To show the existence of a conspiracy, the government must prove that two or more persons agreed to commit an offense and that at least one of the conspirators committed an overt act in furtherance of the conspiracy. See United States v. Cohen, 583 F.2d 1030, 1039 (8th Cir. 1978). Harold Wrehe maintains that the evidence in this case is insufficient to establish the conspiratorial agreement. He asserts that because he alone drafted the sales contract containing "Paragraph A," and because it is impossible to conspire with oneself, no agreement should have been found by the jury.


We disagree. The existence of an agreement constituting a conspiracy need not be proved by direct evidence; it may be inferred from the actions of the parties. See, e. g., Glasser v. United States, 315 U.S. 60, 80, 62 S.Ct. 457, 469, 86 L.Ed. 680 (1942); Langel v. United States, 451 F.2d 957, 961 (8th Cir. 1971). Regardless of the legal effect of Harold Wrehe's drafting the contract by himself in 1975, the contract was later used by others at the direction of Wrehe. In fact, Paragraph A was revised several times after others joined the operation. Moreover, the record is replete with evidence of oral misrepresentations made by Harold Wrehe and others in furtherance of the scheme to defraud. There is no doubt that the evidence supports a jury finding that Harold Wrehe participated in a conspiracy to defraud.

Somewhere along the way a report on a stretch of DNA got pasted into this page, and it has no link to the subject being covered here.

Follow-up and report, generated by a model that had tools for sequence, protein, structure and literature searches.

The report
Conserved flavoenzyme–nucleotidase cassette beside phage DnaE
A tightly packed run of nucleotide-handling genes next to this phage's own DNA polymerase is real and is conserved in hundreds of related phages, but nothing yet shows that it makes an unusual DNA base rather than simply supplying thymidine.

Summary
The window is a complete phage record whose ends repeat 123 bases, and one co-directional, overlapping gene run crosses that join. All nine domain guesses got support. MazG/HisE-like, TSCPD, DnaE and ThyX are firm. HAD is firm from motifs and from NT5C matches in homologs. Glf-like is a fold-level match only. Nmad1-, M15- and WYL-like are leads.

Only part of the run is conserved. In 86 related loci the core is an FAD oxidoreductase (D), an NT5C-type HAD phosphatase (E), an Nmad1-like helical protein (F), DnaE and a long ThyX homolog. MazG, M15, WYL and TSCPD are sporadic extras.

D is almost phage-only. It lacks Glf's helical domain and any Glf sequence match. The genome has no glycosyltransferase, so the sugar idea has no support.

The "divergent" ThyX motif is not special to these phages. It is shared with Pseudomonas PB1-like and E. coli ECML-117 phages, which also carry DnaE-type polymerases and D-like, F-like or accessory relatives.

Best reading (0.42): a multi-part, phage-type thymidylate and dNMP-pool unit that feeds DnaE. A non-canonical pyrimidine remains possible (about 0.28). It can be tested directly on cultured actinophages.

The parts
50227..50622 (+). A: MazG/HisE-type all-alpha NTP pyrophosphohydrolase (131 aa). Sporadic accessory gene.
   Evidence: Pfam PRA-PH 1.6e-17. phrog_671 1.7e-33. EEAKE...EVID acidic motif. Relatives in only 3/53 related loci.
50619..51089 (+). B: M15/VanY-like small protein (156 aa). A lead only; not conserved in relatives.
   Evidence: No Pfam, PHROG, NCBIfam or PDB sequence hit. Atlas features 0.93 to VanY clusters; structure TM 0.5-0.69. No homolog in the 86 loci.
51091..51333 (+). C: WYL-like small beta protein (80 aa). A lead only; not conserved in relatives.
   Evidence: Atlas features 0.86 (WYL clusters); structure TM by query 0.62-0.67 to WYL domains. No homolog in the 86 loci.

b. Mail fraud. To warrant a conviction under the mail fraud statute, the government must prove the existence of a scheme to defraud and a mailing made for the purpose of executing that scheme. See Pereira v. United States, 347 U.S. 1, 8, 74 S.Ct. 358, 362, 98 L.Ed. 435 (1954); United States v. Brown, 540 F.2d 364, 373 (8th Cir. 1976). We have already noted the facts indicating that a scheme to defraud existed. Harold Wrehe argues, however, that he lacked the requisite criminal intent to defraud because he ran Western Capital with the good faith purpose of finding loans for his clients.